- By Silvia Gonzalez
- August 30, 2023
The digital transformation journey for each company is unique, yet there are common guidelines to help ensure successful implementations.
Digital transformation can mean various things to different businesses, but in most cases a common fundamental aspect is connecting smart technologies, so users gain the visibility needed to make production systems and work processes more efficient. While benefits and results vary depending on the industry and application, users expect digital transformation to enable them to:
- Optimize efficiency.
- Ensure quality.
- Minimize downtime.
- Improve sustainability.
- Support problem solving.
- Increase safety.
These gains become possible when new and legacy systems are outfitted with technologies for establishing a seamless and transparent “shop floor to the cloud” architecture. Smart instrumentation, digital controllers, and other Industrial Internet of Things (IIoT) field devices need to integrate smoothly with higher-level systems.
Determining how and where to begin is a challenge, and some large initiatives have failed to deliver value. This article discusses why the most effective projects start small with defined business cases and a clear roadmap, and then build momentum and can be scaled up as they deliver quantifiable results.
Digital transformation is a journey
Digital transformation is not any one technology and is never achieved after just one project. Instead, it is an evolution and an iterative process of identifying and solving problems. Each step forward often reveals less consequential issues, which themselves become targets to address.
An organization’s culture, markets, and risk tolerance play a role in how digital transformation is executed. Industrial manufacturing operations typically are looking for simple and reliable ways to access edge-located operational technology (OT) “little data,” and transport it to higher level information technology (IT), and even cloud-based resources for “big data” analysis, which can lead to data-driven actions (Figure 1).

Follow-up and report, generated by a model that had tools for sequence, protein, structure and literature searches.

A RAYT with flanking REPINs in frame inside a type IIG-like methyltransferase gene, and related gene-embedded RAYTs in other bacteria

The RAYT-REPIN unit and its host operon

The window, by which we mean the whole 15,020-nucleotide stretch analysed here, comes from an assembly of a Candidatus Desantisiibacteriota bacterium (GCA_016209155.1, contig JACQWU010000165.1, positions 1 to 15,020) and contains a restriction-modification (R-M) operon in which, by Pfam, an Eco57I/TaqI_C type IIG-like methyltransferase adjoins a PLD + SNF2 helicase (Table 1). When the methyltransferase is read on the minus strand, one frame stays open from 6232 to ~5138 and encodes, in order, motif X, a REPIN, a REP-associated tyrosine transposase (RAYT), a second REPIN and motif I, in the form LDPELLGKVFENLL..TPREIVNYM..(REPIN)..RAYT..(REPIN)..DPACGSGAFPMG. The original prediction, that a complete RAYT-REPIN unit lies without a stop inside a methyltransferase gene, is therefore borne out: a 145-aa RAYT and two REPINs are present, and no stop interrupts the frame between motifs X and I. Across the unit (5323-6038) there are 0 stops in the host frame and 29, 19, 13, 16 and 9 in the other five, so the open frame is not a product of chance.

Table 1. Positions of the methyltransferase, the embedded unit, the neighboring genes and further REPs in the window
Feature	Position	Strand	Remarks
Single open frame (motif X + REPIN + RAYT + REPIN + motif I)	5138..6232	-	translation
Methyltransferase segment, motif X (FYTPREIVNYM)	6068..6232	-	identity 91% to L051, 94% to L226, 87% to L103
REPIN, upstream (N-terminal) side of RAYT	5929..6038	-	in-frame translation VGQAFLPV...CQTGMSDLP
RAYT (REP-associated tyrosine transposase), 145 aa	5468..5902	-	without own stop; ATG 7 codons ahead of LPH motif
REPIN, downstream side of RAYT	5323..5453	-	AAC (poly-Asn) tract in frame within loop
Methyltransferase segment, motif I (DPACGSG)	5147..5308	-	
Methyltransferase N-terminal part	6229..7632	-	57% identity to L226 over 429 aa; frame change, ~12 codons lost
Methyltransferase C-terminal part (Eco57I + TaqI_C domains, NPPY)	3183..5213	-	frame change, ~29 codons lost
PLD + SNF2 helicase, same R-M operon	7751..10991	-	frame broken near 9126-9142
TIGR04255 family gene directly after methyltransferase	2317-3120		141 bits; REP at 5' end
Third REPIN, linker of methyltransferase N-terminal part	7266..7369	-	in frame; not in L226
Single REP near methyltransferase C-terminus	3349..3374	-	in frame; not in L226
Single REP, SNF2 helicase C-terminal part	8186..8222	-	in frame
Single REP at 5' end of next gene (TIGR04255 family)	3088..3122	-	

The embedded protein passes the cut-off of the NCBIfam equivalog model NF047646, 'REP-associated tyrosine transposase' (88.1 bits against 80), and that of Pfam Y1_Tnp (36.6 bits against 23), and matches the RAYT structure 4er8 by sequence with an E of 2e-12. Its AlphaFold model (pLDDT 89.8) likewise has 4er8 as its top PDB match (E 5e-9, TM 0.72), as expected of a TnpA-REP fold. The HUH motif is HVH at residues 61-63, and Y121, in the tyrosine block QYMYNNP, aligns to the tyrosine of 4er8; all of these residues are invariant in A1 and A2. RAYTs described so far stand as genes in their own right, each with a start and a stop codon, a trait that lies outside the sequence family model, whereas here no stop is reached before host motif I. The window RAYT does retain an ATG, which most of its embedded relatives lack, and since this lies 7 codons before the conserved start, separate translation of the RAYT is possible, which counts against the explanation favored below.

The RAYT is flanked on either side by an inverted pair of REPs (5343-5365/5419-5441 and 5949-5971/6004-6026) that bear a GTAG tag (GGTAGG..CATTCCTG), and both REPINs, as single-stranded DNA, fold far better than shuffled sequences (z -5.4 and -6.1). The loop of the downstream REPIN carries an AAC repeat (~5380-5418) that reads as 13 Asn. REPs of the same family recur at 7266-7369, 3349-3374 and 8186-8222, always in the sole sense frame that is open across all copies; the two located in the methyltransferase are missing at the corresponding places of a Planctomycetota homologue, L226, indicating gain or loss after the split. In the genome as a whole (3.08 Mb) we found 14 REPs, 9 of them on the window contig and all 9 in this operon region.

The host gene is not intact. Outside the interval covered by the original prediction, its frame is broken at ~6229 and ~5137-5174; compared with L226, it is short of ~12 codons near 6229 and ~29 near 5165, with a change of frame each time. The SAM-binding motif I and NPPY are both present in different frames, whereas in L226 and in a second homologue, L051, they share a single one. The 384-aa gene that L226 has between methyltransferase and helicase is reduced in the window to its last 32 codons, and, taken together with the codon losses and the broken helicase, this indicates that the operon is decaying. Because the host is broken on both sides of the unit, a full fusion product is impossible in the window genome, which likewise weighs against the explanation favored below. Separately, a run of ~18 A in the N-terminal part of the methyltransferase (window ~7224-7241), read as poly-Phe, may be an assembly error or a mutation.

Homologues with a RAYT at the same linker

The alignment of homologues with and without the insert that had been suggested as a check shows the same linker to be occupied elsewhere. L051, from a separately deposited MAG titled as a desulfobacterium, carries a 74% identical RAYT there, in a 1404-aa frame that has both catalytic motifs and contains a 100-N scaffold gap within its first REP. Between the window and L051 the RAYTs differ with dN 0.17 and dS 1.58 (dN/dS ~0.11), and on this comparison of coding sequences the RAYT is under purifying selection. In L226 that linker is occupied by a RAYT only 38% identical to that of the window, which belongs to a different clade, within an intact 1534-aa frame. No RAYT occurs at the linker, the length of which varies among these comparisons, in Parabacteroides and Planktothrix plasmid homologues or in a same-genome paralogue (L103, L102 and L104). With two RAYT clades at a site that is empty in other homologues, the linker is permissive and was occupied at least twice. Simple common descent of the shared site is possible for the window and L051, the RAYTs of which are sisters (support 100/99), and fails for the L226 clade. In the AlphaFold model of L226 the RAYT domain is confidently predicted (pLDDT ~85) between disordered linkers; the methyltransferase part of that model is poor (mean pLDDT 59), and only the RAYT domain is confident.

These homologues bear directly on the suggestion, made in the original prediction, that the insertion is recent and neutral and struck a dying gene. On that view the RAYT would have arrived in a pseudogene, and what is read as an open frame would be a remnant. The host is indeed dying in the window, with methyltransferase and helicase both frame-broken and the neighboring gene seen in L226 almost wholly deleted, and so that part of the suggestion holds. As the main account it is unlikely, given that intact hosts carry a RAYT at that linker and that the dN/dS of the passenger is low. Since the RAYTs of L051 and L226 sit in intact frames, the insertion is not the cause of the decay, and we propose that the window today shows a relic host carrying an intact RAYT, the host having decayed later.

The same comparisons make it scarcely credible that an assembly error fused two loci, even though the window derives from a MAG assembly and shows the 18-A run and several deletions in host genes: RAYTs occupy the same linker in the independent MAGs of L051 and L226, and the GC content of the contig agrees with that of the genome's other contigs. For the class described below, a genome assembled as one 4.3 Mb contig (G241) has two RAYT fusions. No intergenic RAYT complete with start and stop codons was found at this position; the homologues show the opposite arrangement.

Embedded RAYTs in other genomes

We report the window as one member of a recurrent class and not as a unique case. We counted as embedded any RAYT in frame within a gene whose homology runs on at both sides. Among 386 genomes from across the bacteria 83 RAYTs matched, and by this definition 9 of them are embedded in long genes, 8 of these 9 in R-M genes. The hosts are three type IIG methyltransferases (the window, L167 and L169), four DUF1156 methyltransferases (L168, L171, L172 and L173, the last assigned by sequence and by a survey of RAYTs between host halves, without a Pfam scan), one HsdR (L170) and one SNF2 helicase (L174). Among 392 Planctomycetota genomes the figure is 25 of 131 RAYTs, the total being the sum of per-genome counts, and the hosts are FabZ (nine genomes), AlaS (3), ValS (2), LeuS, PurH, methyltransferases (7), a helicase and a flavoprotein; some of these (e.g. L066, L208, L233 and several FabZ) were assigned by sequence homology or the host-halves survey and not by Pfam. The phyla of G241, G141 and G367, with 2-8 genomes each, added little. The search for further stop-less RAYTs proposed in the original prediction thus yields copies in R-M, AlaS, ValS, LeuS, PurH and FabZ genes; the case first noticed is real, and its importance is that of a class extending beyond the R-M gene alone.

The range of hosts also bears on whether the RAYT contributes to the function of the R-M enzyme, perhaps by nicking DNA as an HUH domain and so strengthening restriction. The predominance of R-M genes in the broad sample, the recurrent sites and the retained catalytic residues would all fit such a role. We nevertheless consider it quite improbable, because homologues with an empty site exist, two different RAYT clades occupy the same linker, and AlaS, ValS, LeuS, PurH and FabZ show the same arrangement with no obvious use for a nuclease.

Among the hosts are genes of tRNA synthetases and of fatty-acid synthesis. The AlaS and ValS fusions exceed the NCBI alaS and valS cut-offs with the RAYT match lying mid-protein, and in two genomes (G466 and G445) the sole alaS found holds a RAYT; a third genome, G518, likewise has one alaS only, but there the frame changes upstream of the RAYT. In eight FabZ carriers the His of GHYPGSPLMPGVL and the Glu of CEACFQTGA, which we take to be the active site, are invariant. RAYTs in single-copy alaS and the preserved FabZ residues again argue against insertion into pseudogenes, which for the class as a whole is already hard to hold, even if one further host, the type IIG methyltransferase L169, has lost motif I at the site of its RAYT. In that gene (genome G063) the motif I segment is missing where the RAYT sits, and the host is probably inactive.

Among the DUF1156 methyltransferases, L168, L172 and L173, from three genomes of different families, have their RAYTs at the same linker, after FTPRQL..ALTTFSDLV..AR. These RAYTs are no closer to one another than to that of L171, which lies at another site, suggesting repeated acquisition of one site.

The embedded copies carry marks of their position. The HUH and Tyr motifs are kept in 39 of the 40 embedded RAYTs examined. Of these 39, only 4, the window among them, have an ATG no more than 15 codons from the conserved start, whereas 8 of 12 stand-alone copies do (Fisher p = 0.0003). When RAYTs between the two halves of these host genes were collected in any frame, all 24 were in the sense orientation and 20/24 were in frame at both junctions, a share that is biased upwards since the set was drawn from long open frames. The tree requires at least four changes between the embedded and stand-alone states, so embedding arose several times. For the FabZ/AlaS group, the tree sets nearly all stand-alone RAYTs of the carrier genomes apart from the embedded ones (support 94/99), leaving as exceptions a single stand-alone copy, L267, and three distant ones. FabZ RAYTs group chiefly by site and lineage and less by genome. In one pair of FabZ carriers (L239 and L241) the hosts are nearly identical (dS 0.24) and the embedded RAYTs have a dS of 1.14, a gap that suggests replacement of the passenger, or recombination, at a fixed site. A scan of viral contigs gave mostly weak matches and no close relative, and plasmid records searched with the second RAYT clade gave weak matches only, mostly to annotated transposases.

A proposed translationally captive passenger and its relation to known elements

As a company embarks on one or more digital transformation projects—whether for an OEM machine or for an automated plant—answering the following questions can bring clarity to the process.
1. What problem is being solved?
Identifying the root cause of pain points is a common approach. Where is production constrained by pinch points, and how can energy usage and emissions be reduced? What ways can quality be improved so waste is decreased, and how can equipment be kept running longer without unexpected outages? Can the enterprise supply chain be better coordinated, and what other deficiencies exist? Better data is usually the key to answering questions like these.
2. Who is affected?
It is important to engage stakeholders, so they see the benefit of problem solving. Both internal (engineering, maintenance, operations, sales) and external (end customers, distributors) stakeholders have needs, sometimes conflicting, but often overlapping. The right data will prove the case for essential stakeholders.
3. Why does the problem need to be solved?
The ability to clearly identify the problem, along with the benefits of resolving it in a definable and timely manner, increases the chance of success. Larger problems should be broken down into bite-sized evolutionary pieces so small successes can be achieved early, then scaled up into larger wins.
4. Is the problem worth solving?
By defining the value of success and the cost of doing nothing, the team can make or break the case for any given digital transformation effort. Sometimes there are initial infrastructure costs for networking or computing assets, but these can be appropriately spread across several projects, so each particular project carries a fair share.